By Mark J. Mitchell


                            For John

Lost as a bird in a snowbank
propped on drifts of sheets, pillows,
vanishing but present—
Her beautiful eyes.
There are no words.

Her cool love now distilled
to almost hollow bones,
to her thin, brave laugh.
There are no

names for the song of this now
where you hold absence and her because
There are

her loves—her songs—her laugh—her eyes


You must return this book to the empty room.
A white door opens. You have no book.
You return to the empty room.
A young man you once knew stands
beside an extruded pool. He returns
the door to its jamb. His pointed face
stays behind. You return, book in hand. The room
is not empty. The book leaves. You return
to another door, hoping this room will be empty. The young man
smiles with pointed teeth. You return to the pool’s
edge and drop a book that blossoms into a ship.
You return to the other side of the white door.
The young man bites the book with his pointed smile.
You slide under water in a full pool. Your legs return.
You kick. You drown. You return. You’re awake.


Note: In Roman religion, if a single error was made in the performance of a ritual the entire ceremony had to be performed again from the beginning.

The victim resists its procession.
It snorts and brays,
digs hooves into dust.
The sight of wood, stacked
neat on a marble altar,
makes it rear onto its hind legs.

Birds resist the sky
refusing to fly west or east.

The bronze knife is made
of silver. It blinds
an old priest with resistant light.

Consecrated paint doesn’t leave
the bucket until an acolyte trips
while resisting rocks. Pigment spins—
Once. Twice. Three times—then douses
a sacred virgin on her walk of shame.

The animal—resisting—kicks
at the altar, scattering camphor-doused wood.
It charges at the celebrants
dancing its way to freedom while
all the hymns are forgotten.

Resist the desire
to start this all again.


She keeps her milk teeth in a mason jar—
they float more slowly in winter and bob
to the surface when the weather grows warm.
It rests on her workbench with stray door knobs
and loose nails. They rattle when viking cars
blow past. She doesn’t notice them. She keeps
them sealed like a will or incomplete form
she means to mail. Should she ever get robbed
she’ll still have one thing that’s hers—that’s safe
as milk, as dusk, as youth. They’re not holy,
just sacred in spite of being misplaced
on her bench. They guard her. Only she sees
how they mark her castle, protect her keep—
her stone walls, firm. They will not be erased.


Twilight again, but different twilight. It is morning, just before dawn. Venus is in the ascendant, peeking like a wink to the right of the building it is my charge to watch.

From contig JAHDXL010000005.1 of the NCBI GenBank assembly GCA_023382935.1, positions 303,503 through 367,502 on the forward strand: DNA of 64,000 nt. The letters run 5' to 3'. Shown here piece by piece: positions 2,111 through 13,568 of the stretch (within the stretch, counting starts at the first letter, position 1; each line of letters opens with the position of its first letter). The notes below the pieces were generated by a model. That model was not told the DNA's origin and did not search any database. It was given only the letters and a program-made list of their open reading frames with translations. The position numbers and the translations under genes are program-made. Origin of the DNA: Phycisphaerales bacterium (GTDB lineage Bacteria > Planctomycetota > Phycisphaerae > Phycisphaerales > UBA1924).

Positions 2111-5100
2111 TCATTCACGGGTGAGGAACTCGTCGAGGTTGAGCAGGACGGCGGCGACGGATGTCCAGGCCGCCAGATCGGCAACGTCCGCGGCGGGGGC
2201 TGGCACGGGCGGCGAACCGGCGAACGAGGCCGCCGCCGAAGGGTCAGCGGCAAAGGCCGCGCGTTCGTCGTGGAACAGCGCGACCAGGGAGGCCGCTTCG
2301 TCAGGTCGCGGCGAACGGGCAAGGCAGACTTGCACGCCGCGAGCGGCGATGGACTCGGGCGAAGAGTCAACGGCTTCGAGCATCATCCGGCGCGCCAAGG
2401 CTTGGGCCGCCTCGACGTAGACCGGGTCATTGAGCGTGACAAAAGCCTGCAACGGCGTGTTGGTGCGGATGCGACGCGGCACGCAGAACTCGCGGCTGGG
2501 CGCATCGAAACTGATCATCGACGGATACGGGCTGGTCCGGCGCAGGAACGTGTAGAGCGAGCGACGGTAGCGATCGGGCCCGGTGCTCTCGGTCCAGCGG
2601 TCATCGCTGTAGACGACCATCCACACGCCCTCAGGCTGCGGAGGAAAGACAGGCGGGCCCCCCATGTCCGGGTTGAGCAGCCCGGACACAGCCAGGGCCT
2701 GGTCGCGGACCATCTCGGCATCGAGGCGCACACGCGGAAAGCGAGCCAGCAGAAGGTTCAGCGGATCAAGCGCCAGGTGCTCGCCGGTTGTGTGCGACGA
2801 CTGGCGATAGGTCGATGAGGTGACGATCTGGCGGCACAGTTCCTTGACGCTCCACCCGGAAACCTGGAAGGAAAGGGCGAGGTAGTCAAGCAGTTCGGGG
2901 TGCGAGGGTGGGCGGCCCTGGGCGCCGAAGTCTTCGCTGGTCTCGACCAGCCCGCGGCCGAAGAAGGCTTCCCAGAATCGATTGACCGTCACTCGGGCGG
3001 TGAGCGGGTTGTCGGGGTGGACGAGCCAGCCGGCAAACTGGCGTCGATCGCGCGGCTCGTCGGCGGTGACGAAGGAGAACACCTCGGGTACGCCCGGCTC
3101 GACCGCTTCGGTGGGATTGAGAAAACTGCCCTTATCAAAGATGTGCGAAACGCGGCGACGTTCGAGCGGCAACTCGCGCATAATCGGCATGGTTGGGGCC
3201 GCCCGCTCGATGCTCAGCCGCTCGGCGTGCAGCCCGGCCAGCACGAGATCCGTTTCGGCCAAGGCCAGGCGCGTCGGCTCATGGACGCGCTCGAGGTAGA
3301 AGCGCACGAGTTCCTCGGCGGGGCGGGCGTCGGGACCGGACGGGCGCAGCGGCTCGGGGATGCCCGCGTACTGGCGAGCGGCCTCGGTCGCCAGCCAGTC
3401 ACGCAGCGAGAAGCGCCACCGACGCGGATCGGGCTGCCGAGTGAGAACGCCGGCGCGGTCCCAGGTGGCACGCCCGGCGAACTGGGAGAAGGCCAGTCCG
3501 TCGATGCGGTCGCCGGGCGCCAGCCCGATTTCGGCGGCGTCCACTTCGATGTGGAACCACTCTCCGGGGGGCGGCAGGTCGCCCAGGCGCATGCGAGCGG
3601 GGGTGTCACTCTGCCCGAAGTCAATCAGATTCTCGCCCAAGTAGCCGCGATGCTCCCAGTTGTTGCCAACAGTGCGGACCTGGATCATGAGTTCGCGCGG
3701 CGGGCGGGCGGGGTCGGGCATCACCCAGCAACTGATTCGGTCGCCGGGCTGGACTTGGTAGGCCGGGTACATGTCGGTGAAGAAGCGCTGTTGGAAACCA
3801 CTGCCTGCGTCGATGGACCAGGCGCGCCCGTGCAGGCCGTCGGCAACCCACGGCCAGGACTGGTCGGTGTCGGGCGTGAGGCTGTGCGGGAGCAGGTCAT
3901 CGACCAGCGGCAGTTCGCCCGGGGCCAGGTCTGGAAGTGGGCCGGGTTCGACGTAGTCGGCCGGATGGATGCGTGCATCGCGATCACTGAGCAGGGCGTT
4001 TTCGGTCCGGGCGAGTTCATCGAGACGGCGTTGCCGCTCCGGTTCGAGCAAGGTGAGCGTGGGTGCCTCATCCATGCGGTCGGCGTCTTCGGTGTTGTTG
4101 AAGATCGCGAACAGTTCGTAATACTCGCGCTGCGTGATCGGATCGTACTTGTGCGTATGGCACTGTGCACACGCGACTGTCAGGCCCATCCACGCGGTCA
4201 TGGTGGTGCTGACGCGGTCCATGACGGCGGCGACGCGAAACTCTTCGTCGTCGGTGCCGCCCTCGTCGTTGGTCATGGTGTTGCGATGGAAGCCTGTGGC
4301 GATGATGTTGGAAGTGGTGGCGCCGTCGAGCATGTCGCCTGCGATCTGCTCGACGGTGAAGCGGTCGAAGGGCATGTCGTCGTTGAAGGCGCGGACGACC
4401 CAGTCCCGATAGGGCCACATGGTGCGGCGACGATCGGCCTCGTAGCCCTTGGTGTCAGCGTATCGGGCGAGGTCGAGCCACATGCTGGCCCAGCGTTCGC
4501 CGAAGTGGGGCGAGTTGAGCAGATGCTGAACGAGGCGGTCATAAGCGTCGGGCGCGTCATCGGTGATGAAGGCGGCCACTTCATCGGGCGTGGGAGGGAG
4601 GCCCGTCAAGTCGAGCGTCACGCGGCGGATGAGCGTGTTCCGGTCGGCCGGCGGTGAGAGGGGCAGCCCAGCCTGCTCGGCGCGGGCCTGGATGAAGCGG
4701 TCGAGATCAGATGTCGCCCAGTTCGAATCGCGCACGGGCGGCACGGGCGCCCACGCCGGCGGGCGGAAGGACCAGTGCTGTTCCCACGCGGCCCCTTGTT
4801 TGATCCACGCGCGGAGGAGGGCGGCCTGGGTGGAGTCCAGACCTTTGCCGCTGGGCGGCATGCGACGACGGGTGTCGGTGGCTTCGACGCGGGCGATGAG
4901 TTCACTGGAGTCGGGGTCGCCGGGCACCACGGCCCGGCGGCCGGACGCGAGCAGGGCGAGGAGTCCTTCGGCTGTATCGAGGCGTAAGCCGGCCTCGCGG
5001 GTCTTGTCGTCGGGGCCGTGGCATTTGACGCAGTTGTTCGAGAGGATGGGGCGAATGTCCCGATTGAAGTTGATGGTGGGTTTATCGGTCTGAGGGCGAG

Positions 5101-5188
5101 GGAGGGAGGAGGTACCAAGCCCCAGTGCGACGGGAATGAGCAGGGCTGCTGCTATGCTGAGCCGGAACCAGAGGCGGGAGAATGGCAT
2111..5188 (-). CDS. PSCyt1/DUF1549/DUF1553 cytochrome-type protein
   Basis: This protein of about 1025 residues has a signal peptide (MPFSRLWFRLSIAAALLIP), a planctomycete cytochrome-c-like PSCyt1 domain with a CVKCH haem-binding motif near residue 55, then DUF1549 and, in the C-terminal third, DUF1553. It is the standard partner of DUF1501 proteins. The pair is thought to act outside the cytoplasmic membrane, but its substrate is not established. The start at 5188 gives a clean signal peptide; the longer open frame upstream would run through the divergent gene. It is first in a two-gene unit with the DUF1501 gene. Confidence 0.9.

A taxicab pulls up. Nothing emerges. It seems as if there are two lovers who are reluctant to say good-bye to each other. Or perhaps they are just too tired or too drunk to move.
The yellow door finally opens. A tall woman emerges, wearing a golden tuxedo and a glittered top hat. I recognize her, although it takes me a moment. She is the same woman who wore all the bracelets and left that young man in despair.
She is laughing. A man emerges from the taxi. It is the chess player with the monocle.
He takes the woman’s hand. He leads her to the entrance of the building.
A light comes on in the upper right corner of the building. The red brick is slightly yellowed by it, but still infused with the purple of a sky just before sunrise.
A curtain twitches, but I can see no one. I’m sure I know who is there.
The man with the monocle brushes his unruly hair back with his left hand. He laughs a laugh that could break glass.
He kneels before the tall woman.
She is her own statue. She knows that she is a monument of womanhood in that early morning. She is sure of her command over every male of the species.
The man reaches out to her and she offers her hand.
He bows his head and kisses the hand.
From the east, the sun peeks out.
Her golden tuxedo comes to life, reflecting the narrow beam of light that has just emerged.
She tips her head forward and the top hat drops with a graceful somersault into her hand.
She laughs a laugh that would break the heart of Mozart.
She takes her hand back from the kneeling man.
She enters the building.
Above, the light goes out.
The man with the monocle takes a chair off one of the outdoor tables of the café.
He reaches beneath it.
He starts arranging pieces for a game of chess.
Day will break soon.

mark j mitchell

About the Author:

Mark J. Mitchell studied writing at UC Santa Cruz under Raymond Carver, George Hitchcock and Barbara Hull. His work has appeared in various periodicals over the last thirty five years, as well as the anthologies Good Poems, American Places, Hunger Enough, Retail Woes and Line Drives. It has also been nominated for both Pushcart Prizes and The Best of the Net. He is the author of two full-length collections, Lent 1999 (Leaf Garden Press) and Soren Kierkegaard Witnesses an Execution (Local Gems) as well as two chapbooks, Three Visitors (Negative Capability Press) and Artifacts and Relics, (Folded Word). His novel, Knight Prisoner, is available from Vagabondage Press and a new novel is forthcoming: The Magic War (Loose Leaves Publishing). He lives in San Francisco with his wife, the documentarian and activist Joan Juster where he makes a living showing people pretty things in his city.